Sophie is a lovely Golden retriever who has just passed her 16th birthday, making her over a hundred in “dog years”. She has slowed down in many ways, with arthritis being the main physical problem (she is on daily tablets to help her with this). She also has some behavioural changes – the equivalent of “doggy Alzheimer’s”, which has been increasingly recognised as being a problem in elderly pets.
Cognitive dysfuntion in older dogs
So-called “cognitive behaviour” means aspects such as knowing the layout of a home, remembering people, places and activities, and house training. It’s common in older dogs to see changes in the ability to remember these things.
The signs that owners often notice include house-training problems, memory loss, disorientation, confusion, staring at walls, wandering aimlessly, getting stuck in corners, sleep disturbances (waking at the wrong time, sleeping unusually deeply or pacing the home in the early hours), restlessness, barking, separation anxiety, panting, drooling, obsessive licking, etc.
These signs start off as minor changes and deterioration takes place gradually. Owners often do not become aware of the changes until they are quite advanced.
These changes are very, very common in older dogs, as part of the “normal” aging process. One study at the University of California School of Veterinary Medicine looked at 69 dogs: 32% of the 11-year old dogs were affected by this syndrome and 100% of the dogs 16 years of age older were affected at some level.
Isn’t this just normal aging?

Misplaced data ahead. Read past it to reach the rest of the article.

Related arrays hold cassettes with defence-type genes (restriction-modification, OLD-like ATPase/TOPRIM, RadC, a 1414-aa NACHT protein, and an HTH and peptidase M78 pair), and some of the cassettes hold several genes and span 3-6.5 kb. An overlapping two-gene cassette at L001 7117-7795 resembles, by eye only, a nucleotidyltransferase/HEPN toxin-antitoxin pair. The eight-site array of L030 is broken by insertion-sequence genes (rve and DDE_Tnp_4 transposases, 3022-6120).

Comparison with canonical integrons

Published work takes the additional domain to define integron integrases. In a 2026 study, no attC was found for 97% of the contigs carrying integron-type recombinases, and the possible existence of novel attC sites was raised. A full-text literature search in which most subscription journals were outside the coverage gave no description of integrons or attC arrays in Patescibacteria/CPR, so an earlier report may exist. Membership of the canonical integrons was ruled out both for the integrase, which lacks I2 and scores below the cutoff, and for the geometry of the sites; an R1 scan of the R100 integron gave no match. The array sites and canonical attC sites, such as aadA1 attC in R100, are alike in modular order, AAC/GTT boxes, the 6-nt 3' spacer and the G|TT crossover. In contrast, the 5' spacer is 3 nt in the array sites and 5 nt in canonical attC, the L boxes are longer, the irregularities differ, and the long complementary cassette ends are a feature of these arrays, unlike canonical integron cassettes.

The high frequency with which the syndrome is seen in older dogs does not make the it healthy or “normal”. Some studies have shown that dogs affected by this syndrome show deposition of amyloid (a protein) in their brains in patterns very similar to the amyloid plaques found in the brains of human Alzheimer’s patients. This type of cognitive dysfunction is often associated with the depletion of dopamine, a neurotransmitter, again suggesting that there is a physical reason for the changes.
Can it be treated?
Various treatments are possible, including drugs and dietary modifications, but the main issue here does seem to be “advancing age”, and we all know that there’s nothing fundamental that can be done to prevent this.
Dog owners should be sure to get their elderly pets checked by their own veterinarians – perhaps twice a year once they go over thirteen years of age. Cognitive dysfunction is a challenge, but there are ways of dealing with challenges. Often small changes to lifestyles and to the dog’s environment can make the last lap of the race of life more enjoyable.
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